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Mm, I'm not sure.  Expletive infixation in English only occurs between
metrical feet.  I'm not sure morpheme boundaries, other than insofar as they
impact metrical feet, come into it.


On Wed, Feb 2, 2011 at 12:11 AM, Eric Christopherson <[log in to unmask]>wrote:

> On Feb 1, 2011, at 2:38 PM, Logan Kearsley wrote:
>
> > On Tue, Feb 1, 2011 at 1:27 PM, Patrick Dunn <[log in to unmask]> wrote:
> >> Now that I'm getting up to speed with noun incorporation, I'm wondering
> >> about the origins of infixes.  I'm having a hard time imagining a
> scenario
> >> that would evolve such a thing.
> >
> > Metathesis. Ablaut. Assimilation followed by loss of the original
> > affixes. Splitting up long words with modifiers (like
> > "abso-freaking-lutely").
>
> That last one is sort of begging the question, I think (and ablaut almost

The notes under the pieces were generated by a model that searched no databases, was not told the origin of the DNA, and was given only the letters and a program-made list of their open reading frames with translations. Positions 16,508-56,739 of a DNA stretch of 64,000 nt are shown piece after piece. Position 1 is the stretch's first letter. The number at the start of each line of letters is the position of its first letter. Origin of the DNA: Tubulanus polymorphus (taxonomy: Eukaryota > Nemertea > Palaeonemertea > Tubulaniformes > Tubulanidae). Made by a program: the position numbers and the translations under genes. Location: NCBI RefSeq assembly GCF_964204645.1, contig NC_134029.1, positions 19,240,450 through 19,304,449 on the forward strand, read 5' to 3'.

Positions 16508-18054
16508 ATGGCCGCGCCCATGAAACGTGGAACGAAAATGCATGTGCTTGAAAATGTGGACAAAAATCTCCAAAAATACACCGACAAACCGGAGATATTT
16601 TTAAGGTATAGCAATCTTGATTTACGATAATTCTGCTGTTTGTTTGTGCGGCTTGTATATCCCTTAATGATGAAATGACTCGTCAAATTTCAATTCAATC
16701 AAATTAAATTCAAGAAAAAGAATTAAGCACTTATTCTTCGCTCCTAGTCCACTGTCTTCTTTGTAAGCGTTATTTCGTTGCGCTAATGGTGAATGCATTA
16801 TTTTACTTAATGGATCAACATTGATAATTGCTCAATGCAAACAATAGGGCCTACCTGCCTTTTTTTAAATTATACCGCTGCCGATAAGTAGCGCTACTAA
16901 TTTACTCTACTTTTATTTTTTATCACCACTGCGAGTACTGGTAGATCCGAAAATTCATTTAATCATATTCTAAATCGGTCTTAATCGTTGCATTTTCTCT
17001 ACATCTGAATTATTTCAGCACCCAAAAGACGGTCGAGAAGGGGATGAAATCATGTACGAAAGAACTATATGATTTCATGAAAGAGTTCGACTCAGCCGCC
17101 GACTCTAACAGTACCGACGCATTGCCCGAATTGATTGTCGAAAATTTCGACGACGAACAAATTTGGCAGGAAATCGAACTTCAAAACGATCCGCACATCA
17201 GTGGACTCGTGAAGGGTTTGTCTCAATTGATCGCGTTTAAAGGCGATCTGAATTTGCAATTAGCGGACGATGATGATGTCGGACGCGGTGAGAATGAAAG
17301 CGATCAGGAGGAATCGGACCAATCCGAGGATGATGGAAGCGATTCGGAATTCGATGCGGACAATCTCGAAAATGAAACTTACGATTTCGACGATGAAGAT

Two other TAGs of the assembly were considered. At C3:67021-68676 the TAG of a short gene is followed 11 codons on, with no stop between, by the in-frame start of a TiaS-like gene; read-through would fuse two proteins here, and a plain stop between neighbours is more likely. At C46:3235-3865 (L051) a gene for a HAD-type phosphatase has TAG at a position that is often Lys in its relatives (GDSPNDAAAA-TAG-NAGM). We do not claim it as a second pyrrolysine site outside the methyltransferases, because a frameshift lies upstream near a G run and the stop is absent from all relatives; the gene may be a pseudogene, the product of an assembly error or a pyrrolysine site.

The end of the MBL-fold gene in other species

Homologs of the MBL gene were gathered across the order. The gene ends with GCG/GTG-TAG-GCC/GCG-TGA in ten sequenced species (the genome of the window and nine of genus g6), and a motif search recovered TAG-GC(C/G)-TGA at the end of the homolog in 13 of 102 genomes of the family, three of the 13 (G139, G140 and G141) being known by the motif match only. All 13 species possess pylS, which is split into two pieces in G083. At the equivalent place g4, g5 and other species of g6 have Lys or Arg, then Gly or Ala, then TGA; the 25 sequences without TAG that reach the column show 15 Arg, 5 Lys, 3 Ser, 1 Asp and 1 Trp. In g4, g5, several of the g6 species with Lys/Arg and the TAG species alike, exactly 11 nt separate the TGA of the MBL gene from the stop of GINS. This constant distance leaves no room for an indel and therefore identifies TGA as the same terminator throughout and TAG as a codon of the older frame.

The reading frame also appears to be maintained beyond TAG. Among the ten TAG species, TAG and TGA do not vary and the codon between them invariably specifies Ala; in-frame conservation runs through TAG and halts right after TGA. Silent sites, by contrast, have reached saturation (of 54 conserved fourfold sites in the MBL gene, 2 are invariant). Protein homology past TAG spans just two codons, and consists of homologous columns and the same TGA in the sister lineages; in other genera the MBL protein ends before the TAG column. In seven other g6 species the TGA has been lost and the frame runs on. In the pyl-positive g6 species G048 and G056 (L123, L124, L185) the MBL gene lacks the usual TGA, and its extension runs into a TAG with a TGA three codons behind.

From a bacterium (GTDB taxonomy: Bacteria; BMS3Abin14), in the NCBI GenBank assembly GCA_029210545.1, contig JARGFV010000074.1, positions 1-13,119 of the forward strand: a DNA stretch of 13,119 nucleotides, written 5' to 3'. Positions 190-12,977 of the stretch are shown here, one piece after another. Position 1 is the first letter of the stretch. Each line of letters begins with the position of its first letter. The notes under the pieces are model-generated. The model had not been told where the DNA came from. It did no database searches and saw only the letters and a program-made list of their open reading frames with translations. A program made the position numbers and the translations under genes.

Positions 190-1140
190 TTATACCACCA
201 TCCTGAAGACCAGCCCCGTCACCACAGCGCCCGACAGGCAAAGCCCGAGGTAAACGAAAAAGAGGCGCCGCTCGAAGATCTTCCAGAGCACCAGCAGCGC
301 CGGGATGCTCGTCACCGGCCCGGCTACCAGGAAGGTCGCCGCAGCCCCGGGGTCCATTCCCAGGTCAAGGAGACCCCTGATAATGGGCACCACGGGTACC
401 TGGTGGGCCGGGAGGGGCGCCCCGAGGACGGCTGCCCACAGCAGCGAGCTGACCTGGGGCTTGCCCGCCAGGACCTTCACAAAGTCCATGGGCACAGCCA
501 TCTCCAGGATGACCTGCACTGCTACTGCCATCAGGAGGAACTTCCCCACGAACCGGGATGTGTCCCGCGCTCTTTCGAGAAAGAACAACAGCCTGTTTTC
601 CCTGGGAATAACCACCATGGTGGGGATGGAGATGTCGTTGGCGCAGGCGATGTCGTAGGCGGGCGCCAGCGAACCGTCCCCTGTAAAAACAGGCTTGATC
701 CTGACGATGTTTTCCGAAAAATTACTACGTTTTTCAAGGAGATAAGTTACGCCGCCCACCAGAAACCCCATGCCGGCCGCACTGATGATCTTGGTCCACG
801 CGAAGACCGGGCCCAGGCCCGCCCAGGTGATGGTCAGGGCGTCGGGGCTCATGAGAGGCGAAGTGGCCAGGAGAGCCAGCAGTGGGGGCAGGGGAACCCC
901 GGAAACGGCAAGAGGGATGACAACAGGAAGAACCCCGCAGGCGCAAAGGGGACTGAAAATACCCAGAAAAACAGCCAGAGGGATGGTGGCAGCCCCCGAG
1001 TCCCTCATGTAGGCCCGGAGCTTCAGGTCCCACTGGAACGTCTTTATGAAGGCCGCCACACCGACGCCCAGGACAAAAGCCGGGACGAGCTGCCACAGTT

> is, IMO, although ablaut is not the same as infixation).
>
> I'm not sure how expletive infixation came about in English, but I've
> always pictured it as coming from a situation where the morphemes in a
> polymorphemic word come to be seen as (as least somewhat) independent words.
> I can picture this happening in "in/credible" and "un/believable", although
> I don't know how to explain how the morphemes come to be seen as words.
> (Possibly by analogy to phrases involving "not" + an adjective, e.g. "not
> freaking possible"?)
>



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I have stretched ropes from steeple to steeple; garlands from window to
window; golden chains from star to star, and I dance.  --Arthur Rimbaud